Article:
While this movie doesn't fit today's tastes for irony, cynicism, and action that is as violent and graphic as possible, I like this movie a great deal. Actually, it is because it isn't like today's movies that I appreciate it more. Some find its earnestness too sweet and the humor a bit ham-bone. But I am willing to transport myself into a time when such things were possible in movies. All movies have conventions and none are "realistic" - not even documentaries. So, if you can accept one set of conventions, you should be able to adapt to another and appreciate the movie for what it sets out to be.
    This is not a movie about violence per se. It is about family and loss, and deals with the notion of trying to be in the world but apart from it and how difficult that can be because the world has a way of rolling over you. The Civil War is the backdrop of this question. Jimmy Stewart's character, Charlie Anderson, is a widower who still grieves for his lost sweetheart. He has a bunch of sons and one daughter. He tries to keep them out of the war, but cannot. His daughter is pursued by Lieutenant Sam (Doug McClure) who fights for the Confederacy. (If both armies are bad to Charlie Anderson - the Yankees are the worse army in this movie.)
    My two favorite scenes are the family prayer over the meal where Charlie thanks God for the meal and food while noting without their hard work it wouldn't be on the table. The other is when Lieutenant Sam asks Charlie for Jennie's hand in marriage. Charlie asks Sam why he wants to marry Jennie. Sam say's its because he loves her. Charlie says that isn't good enough. Sam is nonplussed. Charlie asks if he likes her. Sam doesn't get it.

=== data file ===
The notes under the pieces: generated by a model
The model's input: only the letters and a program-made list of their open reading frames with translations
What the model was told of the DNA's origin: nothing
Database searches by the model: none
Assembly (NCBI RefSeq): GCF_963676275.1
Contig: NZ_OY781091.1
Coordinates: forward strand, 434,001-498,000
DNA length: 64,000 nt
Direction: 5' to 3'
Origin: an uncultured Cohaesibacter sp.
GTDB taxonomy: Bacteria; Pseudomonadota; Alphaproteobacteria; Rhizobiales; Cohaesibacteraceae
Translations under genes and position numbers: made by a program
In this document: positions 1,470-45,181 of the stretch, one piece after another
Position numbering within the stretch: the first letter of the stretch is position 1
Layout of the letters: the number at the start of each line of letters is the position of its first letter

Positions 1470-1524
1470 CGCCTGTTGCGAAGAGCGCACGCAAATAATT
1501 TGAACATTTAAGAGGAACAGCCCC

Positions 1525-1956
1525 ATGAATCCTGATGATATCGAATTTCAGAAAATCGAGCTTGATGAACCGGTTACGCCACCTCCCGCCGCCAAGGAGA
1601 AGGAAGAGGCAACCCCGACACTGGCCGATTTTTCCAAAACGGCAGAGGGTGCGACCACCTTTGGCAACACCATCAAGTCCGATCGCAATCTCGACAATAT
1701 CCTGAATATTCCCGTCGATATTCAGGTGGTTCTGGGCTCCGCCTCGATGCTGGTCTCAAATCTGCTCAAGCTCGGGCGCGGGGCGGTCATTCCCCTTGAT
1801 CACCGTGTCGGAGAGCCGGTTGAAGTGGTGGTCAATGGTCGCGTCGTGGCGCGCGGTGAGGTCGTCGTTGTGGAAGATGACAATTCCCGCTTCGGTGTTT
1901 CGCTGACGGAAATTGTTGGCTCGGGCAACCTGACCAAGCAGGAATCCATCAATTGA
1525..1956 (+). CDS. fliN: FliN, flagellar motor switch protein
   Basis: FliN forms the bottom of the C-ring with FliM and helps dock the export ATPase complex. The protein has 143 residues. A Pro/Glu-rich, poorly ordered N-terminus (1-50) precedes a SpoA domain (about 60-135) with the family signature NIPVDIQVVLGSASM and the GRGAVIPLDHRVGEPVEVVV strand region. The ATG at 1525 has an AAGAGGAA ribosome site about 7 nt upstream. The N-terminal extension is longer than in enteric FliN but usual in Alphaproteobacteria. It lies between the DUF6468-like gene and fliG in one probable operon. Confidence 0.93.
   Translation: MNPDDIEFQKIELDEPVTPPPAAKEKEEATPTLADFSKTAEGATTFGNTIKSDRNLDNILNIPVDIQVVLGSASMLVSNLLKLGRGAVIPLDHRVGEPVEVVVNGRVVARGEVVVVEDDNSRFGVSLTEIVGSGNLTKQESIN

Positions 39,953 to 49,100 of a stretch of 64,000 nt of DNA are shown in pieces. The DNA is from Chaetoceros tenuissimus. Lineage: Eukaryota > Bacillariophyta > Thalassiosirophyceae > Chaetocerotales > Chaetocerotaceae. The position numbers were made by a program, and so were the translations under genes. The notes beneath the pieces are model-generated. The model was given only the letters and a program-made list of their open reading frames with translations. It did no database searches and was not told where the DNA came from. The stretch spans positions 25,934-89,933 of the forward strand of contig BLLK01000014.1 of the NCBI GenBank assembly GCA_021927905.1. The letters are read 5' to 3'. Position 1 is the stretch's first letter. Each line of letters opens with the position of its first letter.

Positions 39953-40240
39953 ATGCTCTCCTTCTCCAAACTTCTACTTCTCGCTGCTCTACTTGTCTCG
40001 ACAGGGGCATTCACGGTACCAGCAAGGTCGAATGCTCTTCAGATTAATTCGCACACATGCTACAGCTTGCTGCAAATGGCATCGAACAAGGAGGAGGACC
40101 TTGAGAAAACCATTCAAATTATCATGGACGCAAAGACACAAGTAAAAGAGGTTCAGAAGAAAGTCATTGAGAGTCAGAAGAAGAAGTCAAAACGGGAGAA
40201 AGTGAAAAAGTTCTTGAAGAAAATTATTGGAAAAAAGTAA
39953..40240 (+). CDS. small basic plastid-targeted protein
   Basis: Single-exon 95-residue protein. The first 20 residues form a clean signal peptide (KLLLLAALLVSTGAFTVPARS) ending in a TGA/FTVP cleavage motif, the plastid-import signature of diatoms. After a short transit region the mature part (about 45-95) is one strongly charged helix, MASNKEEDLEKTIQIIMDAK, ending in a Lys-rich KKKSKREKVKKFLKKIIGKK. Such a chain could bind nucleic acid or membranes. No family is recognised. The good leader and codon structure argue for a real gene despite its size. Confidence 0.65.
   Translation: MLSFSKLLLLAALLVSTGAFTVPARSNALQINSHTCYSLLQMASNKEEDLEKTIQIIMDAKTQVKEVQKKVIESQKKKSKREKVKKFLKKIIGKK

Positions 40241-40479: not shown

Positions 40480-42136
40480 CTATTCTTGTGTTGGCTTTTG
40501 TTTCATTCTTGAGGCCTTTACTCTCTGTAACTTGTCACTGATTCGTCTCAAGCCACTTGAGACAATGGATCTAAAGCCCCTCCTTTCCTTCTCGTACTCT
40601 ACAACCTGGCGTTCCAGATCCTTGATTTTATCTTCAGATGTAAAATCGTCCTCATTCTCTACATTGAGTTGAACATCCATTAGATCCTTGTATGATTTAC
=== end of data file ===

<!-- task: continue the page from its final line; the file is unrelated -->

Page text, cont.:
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    40 of 43 people found the following review helpful By Nix Pix on June 2, 2003
    Format: DVD
    Shenandoah is one of a handful of thrilling western epics that James Stewart appeared in during the mid-1950's. It's full of sweeping expanse, wagons-west adventure and stark, beautiful cinematography that makes one wish for a western landscape that, in reality, never truly existed.